With the increasing trend of cryptocurrency in the world market today, different countries has already set a measures to protect and regulate the phenomenal market asset.
And now, South Korea will barred the use of anonymous bank accounts in cryptocurrency trading from Jan. 30, regulators announced.
The move is a widely telegraphed way designed to stop virtual coins from being used for money laundering and other crimes.
The ban amid the stepped up efforts by Seoul to temper South Koreans’ obsession with cryptocurrencies.
Many people rushed to trade the market despite warnings from global policymakers about investing in an asset that lacks broad regulatory oversight, because of the social hype in the internet.
According to Bithumb, the bitcoin price in South Korea extended loss following the latest regulatory announcement, down 3.34 percent at $12,699 as of 0409 GMT, the country’s second-largest virtual currency exchange.
Bitcoin BTC=BTSP slumped nearly 20 percent last week to a four-week low on the Luxembourg-based Bitstamp exchange, pressured by worries over a possible ban on trading the virtual asset in South Korean exchanges.
In fact last Tuesday afternoon trade, it was up 5.4 percent at $10,925.
Policy makers around the world are calling for tougher, coordinated regulation of cryptocurrency trading. South Korea’s chief financial regulator last week said the government may consider shutting down domestic virtual currency exchanges.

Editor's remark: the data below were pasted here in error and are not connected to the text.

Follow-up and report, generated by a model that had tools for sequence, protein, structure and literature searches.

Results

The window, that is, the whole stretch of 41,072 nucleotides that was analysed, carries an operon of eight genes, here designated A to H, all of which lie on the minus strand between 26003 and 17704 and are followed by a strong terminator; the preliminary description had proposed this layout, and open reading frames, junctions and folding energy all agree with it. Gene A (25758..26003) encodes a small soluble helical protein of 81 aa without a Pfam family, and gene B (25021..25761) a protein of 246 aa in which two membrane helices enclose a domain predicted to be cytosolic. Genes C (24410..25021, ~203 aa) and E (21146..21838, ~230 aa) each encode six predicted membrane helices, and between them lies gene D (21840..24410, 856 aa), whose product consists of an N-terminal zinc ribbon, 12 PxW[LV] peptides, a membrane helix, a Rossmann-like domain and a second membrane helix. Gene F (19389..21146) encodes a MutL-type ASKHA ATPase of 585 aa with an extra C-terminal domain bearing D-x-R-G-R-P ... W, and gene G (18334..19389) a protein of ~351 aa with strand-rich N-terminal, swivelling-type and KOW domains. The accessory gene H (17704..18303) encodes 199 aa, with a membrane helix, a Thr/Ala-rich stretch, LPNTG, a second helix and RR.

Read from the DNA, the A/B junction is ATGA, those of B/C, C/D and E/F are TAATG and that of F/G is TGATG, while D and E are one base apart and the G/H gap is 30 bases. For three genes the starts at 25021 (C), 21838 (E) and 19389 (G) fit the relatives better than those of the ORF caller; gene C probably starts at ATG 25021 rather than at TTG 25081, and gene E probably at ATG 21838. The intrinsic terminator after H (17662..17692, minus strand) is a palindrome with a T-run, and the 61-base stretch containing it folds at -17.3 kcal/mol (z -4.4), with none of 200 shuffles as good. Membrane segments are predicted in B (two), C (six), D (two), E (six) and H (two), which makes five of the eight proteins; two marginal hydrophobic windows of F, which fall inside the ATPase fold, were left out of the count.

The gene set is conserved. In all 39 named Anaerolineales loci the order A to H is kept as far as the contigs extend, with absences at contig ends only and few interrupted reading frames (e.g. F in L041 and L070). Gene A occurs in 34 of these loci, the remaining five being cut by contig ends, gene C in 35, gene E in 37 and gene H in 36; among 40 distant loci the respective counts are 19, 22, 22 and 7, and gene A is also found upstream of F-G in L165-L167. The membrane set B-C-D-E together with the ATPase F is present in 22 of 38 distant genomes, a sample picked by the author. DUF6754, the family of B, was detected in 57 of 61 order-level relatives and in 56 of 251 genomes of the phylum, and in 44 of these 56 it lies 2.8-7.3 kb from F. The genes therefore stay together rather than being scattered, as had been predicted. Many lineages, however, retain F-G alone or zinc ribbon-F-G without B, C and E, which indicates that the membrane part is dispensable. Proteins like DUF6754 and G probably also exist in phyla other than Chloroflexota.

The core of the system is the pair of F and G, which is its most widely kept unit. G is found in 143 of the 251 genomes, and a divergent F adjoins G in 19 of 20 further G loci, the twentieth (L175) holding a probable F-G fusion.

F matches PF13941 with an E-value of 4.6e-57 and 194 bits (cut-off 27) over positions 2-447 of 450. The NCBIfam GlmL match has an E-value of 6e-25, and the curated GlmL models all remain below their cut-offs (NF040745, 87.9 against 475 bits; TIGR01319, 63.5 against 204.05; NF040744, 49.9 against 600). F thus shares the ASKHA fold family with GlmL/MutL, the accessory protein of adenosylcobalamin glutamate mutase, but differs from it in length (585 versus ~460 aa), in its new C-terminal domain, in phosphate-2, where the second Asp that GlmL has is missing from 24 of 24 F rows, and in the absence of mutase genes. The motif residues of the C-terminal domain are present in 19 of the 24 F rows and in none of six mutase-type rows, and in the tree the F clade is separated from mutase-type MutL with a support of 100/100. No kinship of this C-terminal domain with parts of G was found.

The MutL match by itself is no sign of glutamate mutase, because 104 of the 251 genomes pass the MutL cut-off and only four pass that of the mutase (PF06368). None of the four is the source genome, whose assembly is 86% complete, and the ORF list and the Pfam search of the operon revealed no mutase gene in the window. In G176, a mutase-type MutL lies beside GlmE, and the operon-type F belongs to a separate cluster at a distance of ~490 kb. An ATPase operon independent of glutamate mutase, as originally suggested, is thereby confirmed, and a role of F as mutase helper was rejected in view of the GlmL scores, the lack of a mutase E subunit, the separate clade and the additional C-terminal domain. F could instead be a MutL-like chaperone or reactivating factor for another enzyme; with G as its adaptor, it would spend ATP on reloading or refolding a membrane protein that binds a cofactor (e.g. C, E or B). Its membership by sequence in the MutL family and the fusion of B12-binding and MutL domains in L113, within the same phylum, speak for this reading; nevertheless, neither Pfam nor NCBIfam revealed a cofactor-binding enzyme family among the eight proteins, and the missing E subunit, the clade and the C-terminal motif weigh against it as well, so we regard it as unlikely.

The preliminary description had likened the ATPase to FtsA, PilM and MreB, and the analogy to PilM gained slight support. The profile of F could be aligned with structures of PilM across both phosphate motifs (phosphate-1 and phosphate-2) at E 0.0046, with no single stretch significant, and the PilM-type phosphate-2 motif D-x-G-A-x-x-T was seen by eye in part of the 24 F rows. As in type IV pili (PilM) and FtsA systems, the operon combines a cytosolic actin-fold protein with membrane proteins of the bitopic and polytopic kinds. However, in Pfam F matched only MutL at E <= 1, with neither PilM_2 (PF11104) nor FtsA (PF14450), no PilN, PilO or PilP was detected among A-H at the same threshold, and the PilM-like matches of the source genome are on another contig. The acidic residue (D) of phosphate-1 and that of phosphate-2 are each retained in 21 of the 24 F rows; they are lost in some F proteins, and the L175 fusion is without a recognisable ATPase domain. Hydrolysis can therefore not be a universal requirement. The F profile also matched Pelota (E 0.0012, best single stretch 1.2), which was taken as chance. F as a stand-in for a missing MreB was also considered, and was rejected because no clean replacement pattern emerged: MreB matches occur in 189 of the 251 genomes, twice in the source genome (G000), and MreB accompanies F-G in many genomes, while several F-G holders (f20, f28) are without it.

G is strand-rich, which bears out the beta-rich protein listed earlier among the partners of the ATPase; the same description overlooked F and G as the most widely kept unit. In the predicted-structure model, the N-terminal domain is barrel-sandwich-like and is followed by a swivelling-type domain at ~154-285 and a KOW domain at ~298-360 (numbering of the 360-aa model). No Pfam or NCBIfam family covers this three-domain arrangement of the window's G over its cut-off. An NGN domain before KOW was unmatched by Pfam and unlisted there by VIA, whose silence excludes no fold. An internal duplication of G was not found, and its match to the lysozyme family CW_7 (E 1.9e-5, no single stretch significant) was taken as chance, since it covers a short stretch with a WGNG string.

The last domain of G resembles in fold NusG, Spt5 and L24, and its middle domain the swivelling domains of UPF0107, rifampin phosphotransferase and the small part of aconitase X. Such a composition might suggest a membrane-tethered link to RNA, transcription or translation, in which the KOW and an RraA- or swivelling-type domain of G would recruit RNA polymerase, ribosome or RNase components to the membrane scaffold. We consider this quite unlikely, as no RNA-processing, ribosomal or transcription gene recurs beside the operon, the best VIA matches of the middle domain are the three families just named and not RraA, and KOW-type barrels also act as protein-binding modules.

South Korea’s Presidential office has clarified that an outright ban on trading on the virtual currency exchanges is only one of the steps being considered, and not a measure that has been finalized.
“The government is still discussing whether an outright ban is needed or not, internally,” a government official who declined to be named said after Tuesday’s briefing.
South Korea’s Vice chairman of the Financial Services Commission Kim Yong-beom announced that starting Jan. 30, cryptocurrency traders in the country will not be allowed to make deposits into their virtual currency exchange wallets unless the names on their bank accounts matches the account name in cryptocurrency exchanges.
The regulator has previously said it will come up with detailed guidelines for local banks to properly identify its clients by their real names in cryptocurrency transactions.